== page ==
I’d done a previous piece similar to this one called PUPPY BUTTS, but it was half the size and half the number of puppies. It was sold at an Art for the People Gallery show last year, but I received so many positive comments about it that I decided to do another one.
The focal point was a bit of an accident, which happened after I’d blocked in all the pups. Sitting back considering how I was going to actually paint the dogs, yes with wine, the two on the right just seemed to be playing, and the idea of incorporating a stick jumped into my head. It’s hard to see from the photo, but the puppies with the stick are painted with a palette knife instead of a brush, adding contrasting texture to draw further interest. The singular, adorable black puppy is also meant to draw the viewer to that part of the pack.
It’s hard to know as an artist when a composition is done, which I tend to agree with in most cases. But when it comes to dog-related paintings, at the point that it makes you laugh, smile, or cry… it’s done.
BIRD DOG is intended to capture the pure joy of a dog playing on the beach. If I got it right, you should smile or giggle at the scene. For those of you who love birds, rest assured no birds were harmed in the making of this painting.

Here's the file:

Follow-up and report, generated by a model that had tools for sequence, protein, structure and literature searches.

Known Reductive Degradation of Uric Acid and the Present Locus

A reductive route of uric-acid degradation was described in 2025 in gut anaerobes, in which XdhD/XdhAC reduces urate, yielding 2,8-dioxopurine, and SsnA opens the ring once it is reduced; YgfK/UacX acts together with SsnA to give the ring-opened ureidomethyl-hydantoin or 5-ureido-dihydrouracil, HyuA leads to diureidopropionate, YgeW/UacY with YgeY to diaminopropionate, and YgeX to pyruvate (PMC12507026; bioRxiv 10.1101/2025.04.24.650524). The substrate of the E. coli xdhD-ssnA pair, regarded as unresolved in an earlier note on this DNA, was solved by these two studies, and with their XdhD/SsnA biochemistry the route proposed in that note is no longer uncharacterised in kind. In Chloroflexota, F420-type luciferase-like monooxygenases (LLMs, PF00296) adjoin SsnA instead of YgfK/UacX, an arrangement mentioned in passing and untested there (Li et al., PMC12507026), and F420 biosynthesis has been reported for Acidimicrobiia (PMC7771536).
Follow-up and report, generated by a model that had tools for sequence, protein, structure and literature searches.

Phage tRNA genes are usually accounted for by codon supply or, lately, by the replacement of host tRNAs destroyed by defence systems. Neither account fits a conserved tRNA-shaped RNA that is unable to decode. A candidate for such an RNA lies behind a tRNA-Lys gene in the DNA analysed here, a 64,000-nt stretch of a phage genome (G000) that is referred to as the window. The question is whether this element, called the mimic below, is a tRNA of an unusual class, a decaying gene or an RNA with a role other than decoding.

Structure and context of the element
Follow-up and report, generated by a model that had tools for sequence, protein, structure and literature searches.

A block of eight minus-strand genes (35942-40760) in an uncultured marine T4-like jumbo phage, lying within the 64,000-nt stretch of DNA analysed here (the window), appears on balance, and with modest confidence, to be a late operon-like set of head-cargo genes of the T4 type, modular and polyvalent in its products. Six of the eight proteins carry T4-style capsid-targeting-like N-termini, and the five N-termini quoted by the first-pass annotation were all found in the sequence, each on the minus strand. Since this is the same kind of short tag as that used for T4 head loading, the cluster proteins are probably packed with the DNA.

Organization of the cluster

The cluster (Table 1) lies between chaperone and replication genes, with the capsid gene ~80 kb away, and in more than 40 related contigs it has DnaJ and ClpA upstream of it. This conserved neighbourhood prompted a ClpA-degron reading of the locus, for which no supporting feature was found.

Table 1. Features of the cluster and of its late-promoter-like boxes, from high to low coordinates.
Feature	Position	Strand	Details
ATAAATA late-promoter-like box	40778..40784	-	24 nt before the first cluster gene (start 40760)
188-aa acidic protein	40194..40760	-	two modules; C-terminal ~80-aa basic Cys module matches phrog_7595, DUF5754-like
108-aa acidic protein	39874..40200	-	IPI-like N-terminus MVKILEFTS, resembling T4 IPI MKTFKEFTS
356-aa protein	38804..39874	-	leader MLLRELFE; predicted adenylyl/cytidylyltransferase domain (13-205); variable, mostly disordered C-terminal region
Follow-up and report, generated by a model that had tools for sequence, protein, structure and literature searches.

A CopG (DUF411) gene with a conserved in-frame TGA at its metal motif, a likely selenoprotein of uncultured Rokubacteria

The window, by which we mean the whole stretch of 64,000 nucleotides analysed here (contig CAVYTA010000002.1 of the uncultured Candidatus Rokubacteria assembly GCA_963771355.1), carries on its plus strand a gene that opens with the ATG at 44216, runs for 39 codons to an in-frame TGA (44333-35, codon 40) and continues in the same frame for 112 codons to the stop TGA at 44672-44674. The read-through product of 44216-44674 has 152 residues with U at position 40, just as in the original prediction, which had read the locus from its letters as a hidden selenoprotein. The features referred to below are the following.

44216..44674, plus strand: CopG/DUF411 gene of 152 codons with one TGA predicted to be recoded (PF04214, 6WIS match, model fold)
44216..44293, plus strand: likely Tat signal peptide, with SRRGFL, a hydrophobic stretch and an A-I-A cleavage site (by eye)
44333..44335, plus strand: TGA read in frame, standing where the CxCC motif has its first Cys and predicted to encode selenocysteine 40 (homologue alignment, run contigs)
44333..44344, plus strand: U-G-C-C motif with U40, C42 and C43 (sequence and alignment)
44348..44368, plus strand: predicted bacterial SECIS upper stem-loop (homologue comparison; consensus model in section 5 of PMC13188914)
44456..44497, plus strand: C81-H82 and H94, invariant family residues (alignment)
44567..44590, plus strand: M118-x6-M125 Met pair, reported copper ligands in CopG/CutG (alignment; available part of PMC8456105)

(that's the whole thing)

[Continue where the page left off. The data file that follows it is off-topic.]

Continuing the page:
I was inspired by a photo of a dog playing on a beach, but the most striking thing for me was the stylistic impact of the silhouette. There’s something compelling about the lack of details in the darkened shapes of the dog and birds, perhaps giving more to the imagination of the viewer, allowing it to be personalized. Additionally, the silhouettes lend themselves well to a sense of motion. I’m not sure why it strikes me this way, but I think it has something to do with the stark value contrasts created by the silhouettes on the colored landscape.
My mom happened to mention her recent use of the broken color technique on one of her compositions, something I’d not heard of previously. As it turns out, the technique whih proved to be a very exciting way to add depth and vibrancy to the composition. In short, broken color is a technique often used by the Impressionists that leveraged optical color mixing to make things look less flat and murky. This article, Broken Color and Optical Color Mixing, does a great job describing and illustrating the technique.
I used this approach to re-do the reflective elements on the beach, which I must say was a huge improvement. I took a black and white photo of the color palette of the beach to ensure the values were the same, which makes the technique more effective because the various colors work as one and don’t compete with each other. I’m very excited to use this in my plein air landscapes in the coming months!
BIRD DOG is also a foray into waves, another subject relatively new to me at this level of detail. I enjoy seascapes and incorporating water into my landscapes, but most of that has been lakes and streams. Capturing the force and complexity of ocean waves is a whole different endeavor, but I thoroughly enjoyed the challenge and will incorporate waves in future works.